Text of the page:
Projects progressing in Wheeling

WHEELING — The city is making progress on its two largest projects and aims to finish new rounds of planning within about three weeks.

After considering new properties for both a parking garage to supplement the rehabilitation of the Wheeling-Pittsburgh Steel Building as well as a public safety building, the city is working to finalize how much the projects will cost, City Manager Robert Herron said.

“Both projects are still active,” Herron said. “We’re in the process of fine tuning cost estimates and configurations of both projects and hope to have that work done within the next three weeks or so.”

The city is considering building the parking garage on properties to the north of the Wheeling-Pitt building, though nothing is finalized, Herron said.

Meanwhile, alternative properties for a new public safety building are still being determined, but Herron expects city staff to present a recommendation to City Council in July or early August, he said.

Both projects have been in the works since early 2018, and since then the city has changed the original plans for both structures in lieu of less costly alternatives.

Work on the projects was further interrupted in March after Herron, who oversaw both efforts, was suspended following a DUI arrest. City Council voted 5-2 to reinstate Herron in May after he pleaded guilty to non-aggravated DUI.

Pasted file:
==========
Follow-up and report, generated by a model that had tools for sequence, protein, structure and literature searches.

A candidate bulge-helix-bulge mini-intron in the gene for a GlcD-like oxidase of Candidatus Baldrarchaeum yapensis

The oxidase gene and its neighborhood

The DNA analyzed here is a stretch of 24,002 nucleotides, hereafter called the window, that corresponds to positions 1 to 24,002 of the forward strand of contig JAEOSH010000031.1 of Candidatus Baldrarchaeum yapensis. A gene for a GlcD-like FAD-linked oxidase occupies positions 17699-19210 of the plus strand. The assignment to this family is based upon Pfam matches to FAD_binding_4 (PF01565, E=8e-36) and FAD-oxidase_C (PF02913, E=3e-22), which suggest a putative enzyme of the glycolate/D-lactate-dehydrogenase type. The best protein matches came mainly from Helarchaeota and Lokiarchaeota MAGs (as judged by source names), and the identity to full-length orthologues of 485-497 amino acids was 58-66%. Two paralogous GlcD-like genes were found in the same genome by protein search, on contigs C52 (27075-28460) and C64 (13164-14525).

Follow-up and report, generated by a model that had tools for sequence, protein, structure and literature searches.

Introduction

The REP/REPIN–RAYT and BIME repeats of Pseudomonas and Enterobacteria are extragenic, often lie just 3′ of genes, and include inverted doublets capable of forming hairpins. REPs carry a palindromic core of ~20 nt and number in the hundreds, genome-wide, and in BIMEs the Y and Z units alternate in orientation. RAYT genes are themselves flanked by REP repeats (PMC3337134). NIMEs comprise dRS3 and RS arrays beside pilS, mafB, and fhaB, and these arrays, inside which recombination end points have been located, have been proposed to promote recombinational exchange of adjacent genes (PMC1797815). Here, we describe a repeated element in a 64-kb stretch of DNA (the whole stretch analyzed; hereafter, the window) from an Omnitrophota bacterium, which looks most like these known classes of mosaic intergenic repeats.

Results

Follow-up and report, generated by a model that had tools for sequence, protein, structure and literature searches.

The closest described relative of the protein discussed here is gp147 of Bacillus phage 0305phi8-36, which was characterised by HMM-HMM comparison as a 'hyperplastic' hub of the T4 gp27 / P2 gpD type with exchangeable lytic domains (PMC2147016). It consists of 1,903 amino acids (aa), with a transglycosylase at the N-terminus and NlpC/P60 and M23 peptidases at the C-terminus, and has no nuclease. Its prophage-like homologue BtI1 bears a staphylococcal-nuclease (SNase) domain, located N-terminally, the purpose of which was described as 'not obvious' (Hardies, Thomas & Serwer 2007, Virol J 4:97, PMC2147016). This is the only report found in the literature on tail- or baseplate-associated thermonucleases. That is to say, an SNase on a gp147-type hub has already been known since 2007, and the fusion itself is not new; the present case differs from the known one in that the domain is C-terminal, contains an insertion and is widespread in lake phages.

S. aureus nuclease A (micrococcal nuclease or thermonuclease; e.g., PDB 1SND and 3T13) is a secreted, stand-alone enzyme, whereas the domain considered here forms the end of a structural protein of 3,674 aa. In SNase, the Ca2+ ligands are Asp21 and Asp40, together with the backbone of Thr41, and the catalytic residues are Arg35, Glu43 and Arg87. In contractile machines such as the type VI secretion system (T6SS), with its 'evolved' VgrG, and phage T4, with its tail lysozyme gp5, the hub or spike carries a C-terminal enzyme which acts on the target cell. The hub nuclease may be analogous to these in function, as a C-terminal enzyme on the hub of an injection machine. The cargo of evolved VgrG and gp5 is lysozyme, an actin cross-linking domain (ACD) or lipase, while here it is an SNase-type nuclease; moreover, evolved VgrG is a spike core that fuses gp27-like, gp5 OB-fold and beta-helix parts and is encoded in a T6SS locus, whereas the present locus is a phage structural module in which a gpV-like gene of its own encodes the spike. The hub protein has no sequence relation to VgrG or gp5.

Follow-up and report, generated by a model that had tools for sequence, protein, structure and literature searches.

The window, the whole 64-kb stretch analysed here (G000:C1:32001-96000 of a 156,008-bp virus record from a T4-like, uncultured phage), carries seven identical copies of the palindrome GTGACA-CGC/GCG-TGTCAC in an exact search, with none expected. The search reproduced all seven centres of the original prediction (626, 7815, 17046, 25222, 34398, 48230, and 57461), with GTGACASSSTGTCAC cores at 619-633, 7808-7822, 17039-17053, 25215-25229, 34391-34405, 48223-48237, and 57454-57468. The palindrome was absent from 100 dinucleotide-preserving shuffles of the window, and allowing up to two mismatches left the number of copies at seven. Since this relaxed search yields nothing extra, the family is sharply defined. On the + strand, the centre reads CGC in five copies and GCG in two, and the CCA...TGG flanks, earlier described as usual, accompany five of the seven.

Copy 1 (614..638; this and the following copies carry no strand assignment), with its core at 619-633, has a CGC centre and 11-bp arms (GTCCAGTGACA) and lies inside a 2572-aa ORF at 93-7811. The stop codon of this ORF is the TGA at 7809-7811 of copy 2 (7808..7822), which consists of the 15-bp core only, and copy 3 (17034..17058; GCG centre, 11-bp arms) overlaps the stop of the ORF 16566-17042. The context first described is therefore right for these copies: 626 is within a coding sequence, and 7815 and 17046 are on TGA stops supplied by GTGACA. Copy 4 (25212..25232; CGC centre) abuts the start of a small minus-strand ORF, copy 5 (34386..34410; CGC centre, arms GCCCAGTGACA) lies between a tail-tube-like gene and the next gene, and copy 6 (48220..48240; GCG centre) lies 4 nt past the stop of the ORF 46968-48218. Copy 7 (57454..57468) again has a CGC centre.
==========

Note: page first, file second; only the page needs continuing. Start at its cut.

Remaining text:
For the parking garage, Wheeling committed to building the structure at the request of Coon Restoration and Sealants, the company that plans to renovate the Wheeling-Pitt building into a 110-unit apartment building.

Originally, the city planned to build the garage on current parking lots between 1145 Main and Market at the cost of $11 million with an additional lease agreement, but began pursuing other properties early this year.

Now, the city’s targeted location for the garage is on properties to the north of the Wheeling-Pitt building on Market Street. Among those potential buildings are the former site of Chris Miller Furniture, which closed just over a year ago.

Herron said he could not provide a number on how much the demolition and construction for the garage would cost, but said the city hopes to include 300 to 400 spaces. The cost will be based on final architecture and engineering, he said.

The city met with developer Steve Coon about two weeks ago, who said he is actively pursuing the rehabilitation project and is currently in the financing phase, Herron said.

“The renovation of the Wheeling-Pittsburgh Steel building and the proposed parking structure are active projects that are being pursued by both the developer and the city,” he said.

The city is also making progress on planning new facilities for the city’s police and fire departments, Herron said.

Last year, Wheeling proposed a $22 million structure that would house both departments, which are in need of more space. A tax levy to fund the project failed to garner the 60 percent of votes needed to pass.

Afterward, city officials expressed a desire to still pursue the building given the majority of voters who were in favor of the building. Officials discussed enacting a use fee, a weekly tax on workers in the city, to fund the structure.

Since February, Wheeling staff worked to consider new properties and designs for a public safety building. Herron said he wouldn’t yet comment on where some of the alternatives are located.

“We have options. We’re close,” he said.

In addition, the new plans for a public safety building will cost less than the original design, which would have cost around $19 million to build, Herron said.

“The public safety building is much needed,” he said. “The sites that we’re considering are centrally located, and the type of building, the layout of the buildings will be different depending on the site, which drives the cost of the project.”